Length; 6814 yds (Blue), 6498 yds (White), 6092yds (Yellow), 5288 yds (Red)
‘Even the weaker holes (the 6th to the 9th) work really well here. They are separated from the course by a gentle hill and they go back and forth. As you walk down the long and dark path to the 6th tee box these holes look similar – but they’re not. They are of different lengths and offer different tests. The 9th green, by the clubhouse, offers the best views of the Comeragh Mountains.
It is the holes on the other side that are so wonderful where the creativity focuses on simplicity. West Waterford has used the hills and trees perfectly, nowhere more effectively than holes 2 and 3, two reverse dog legs. The 2nd hits down and demands a draw; the 3rd goes up and needs a fade. Both are tight, need exact shots, and are enticing: they are beautiful holes.’
‘… this is a driver’s paradise. The variety of holes, both in terms of beauty and difficulty, will keep you excited all day and standing up on the next tee box never disappoints. The 12th, 14th and 15th run alongside the River Brickey, which is as natural and peaceful as the course itself. It warms the heart. The 17th and the 18th are two long and tough holes that will rattle the best golfers. When you climb that final slope, remind yourself that this course opened only in 1993. It is maturing spectacularly.’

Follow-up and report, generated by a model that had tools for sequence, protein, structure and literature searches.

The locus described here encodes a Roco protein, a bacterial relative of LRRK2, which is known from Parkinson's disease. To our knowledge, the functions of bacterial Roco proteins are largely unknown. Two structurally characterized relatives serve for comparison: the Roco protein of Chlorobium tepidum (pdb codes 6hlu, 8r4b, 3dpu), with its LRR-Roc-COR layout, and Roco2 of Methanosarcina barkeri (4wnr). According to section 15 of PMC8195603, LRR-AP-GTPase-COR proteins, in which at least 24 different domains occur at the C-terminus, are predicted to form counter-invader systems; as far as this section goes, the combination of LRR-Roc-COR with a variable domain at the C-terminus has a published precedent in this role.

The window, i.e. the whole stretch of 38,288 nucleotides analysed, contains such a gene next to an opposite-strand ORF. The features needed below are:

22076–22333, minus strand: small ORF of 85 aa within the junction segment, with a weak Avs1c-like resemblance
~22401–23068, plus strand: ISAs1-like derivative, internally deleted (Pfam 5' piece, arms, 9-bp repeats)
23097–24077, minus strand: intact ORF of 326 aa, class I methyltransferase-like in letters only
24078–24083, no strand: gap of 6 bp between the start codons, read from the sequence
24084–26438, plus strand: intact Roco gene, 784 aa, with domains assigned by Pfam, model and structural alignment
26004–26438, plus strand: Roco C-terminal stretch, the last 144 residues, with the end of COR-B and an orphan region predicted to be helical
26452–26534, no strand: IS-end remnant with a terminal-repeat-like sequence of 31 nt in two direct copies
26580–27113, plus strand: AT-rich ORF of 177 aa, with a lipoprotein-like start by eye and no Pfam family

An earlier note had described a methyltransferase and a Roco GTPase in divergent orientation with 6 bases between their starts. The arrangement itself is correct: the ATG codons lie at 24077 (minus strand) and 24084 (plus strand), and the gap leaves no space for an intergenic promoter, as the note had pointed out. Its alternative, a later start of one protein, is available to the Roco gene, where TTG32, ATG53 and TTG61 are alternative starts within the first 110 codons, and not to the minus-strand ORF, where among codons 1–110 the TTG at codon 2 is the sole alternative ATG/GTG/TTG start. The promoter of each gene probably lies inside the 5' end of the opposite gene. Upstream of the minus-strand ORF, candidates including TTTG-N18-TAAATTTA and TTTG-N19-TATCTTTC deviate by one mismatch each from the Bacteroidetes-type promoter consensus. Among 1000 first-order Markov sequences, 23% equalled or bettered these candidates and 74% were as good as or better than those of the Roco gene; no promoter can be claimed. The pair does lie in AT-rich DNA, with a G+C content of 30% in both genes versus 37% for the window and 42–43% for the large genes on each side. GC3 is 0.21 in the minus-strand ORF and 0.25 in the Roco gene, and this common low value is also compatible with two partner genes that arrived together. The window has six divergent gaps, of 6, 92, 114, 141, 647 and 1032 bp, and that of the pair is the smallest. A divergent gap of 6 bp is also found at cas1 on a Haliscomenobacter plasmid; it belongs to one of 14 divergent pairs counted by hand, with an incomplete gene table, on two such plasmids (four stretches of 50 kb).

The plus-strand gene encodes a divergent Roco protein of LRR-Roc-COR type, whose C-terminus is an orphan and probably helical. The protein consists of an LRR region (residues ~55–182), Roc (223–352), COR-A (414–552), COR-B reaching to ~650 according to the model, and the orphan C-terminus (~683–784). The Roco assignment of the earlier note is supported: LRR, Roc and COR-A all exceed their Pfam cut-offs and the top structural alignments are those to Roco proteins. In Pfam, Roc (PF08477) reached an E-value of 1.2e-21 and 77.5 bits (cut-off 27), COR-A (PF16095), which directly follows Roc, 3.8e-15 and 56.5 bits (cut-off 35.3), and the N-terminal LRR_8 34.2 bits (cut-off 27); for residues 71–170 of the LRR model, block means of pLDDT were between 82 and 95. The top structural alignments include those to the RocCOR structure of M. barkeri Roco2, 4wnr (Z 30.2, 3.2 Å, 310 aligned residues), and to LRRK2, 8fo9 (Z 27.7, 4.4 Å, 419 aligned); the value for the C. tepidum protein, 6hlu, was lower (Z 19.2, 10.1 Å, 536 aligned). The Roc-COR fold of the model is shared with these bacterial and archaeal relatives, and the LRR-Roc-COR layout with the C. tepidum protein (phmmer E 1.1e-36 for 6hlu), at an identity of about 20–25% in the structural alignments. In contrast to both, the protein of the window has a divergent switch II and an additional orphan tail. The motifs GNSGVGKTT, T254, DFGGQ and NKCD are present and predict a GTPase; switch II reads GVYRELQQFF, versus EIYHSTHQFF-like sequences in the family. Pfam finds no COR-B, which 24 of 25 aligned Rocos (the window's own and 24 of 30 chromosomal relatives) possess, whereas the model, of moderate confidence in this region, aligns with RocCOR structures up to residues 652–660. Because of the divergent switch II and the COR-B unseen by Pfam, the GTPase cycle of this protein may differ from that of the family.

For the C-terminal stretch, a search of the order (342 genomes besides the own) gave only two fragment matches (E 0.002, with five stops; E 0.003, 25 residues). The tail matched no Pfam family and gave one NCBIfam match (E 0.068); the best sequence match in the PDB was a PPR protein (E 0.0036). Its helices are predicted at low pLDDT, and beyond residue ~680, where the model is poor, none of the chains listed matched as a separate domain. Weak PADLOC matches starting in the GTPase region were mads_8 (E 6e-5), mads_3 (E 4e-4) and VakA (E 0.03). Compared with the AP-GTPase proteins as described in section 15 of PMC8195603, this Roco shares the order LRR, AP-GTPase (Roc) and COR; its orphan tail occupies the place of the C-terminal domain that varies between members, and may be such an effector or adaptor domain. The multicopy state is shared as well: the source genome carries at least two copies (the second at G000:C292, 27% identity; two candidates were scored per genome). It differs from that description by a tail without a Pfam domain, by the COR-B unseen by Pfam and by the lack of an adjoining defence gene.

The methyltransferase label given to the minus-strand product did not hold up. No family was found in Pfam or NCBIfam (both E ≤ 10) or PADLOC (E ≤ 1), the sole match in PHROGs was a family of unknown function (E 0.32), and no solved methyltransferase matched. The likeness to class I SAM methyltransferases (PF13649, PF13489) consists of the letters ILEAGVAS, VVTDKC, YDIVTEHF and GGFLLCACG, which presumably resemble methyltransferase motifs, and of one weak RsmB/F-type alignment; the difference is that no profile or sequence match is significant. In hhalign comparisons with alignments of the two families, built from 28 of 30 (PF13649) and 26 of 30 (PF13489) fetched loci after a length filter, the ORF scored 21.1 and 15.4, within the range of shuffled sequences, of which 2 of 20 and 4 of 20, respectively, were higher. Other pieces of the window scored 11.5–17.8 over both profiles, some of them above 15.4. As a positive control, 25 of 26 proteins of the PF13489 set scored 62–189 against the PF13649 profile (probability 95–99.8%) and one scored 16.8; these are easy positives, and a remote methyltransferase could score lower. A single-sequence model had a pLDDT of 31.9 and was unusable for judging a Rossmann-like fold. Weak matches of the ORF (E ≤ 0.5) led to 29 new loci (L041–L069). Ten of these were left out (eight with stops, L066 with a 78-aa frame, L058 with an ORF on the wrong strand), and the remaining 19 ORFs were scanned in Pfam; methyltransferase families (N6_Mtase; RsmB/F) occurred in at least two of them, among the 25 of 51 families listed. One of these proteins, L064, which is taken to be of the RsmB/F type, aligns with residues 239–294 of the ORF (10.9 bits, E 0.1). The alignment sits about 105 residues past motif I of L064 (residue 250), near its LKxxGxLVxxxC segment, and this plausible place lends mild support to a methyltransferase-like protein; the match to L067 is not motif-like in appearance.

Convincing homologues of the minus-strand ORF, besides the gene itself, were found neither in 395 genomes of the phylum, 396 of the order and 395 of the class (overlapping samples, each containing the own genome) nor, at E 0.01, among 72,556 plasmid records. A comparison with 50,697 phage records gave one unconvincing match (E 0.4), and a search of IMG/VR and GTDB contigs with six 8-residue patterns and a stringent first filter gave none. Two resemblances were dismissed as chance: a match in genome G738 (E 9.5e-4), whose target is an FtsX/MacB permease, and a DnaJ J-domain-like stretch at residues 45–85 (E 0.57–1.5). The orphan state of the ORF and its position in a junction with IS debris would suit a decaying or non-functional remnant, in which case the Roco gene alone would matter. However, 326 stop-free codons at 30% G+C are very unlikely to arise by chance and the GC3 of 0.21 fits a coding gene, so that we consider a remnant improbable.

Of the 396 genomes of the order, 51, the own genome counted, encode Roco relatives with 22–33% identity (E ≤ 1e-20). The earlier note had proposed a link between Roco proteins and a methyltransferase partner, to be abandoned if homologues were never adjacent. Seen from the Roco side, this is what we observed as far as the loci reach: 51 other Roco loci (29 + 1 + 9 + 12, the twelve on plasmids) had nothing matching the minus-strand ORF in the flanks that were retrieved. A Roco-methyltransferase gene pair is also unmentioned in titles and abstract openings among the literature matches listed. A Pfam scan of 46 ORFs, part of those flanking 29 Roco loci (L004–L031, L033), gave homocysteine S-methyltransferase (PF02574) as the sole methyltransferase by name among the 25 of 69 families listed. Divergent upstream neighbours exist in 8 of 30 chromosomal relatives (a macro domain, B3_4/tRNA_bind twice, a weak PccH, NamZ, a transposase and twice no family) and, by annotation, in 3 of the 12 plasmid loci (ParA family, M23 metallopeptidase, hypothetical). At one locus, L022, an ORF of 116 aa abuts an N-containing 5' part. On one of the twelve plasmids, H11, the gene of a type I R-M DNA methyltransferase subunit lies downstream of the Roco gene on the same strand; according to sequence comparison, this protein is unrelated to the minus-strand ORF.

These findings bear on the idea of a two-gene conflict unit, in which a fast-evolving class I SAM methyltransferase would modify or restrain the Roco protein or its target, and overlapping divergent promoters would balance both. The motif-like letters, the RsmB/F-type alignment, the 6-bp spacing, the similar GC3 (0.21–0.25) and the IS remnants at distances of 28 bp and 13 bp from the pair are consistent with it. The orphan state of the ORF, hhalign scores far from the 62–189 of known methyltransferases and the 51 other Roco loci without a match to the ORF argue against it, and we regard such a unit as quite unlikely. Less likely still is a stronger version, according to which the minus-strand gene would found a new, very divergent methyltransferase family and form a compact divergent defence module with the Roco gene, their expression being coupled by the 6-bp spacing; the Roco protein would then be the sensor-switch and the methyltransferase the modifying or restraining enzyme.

‘I was sitting in the restaurant when the President’s prizes were being handed out. The winning visitor remarked how warm the welcome was at West Waterford and I couldn’t agree more.’
In the book, West Waterford is rated in ‘Top Ten ‘Must Play’ courses. (courses that are so different or unexpected that they deserve special mention).
There are certain courses which sum up the beauty and peacefulness of the Irish landscape, and few do it better than West Waterford. The River Brickey brushes along one side of the course, threatening a few of the back nine holes, while the Comeragh and Knockmealdown mountains form a bucolic backdrop, particularly on the front half of the course. West Waterford is gentle and easy on the eye, the rolling landscape inviting big drives towards generous fairways. It is not designed to be difficult, preferring instead to be accessible and fun, but at par 72, 6500yards from the white tees, it still demands smart golf.
Eddie Hackett (1910–1996) was arguably Ireland’s greatest golf course architect, and West Waterford golf club was his 100th creation. Some of the other great courses he worked on included Waterville, Carne, Connemara, Dooks, Murvagh links in Donegal and Enniscrone
His philosophy was probably best summed up when he said himself, “I find that nature is the best architect . . . I try to dress up what the Good Lord provides”..
He was a great advocate of option design, whereby the player is offered a difficult line off the tee, followed by a more gentle approach, or vice versa. Generally, he avoided the more penal elements of modern golf course architecture, such as long carries over water and cavernous bunkers.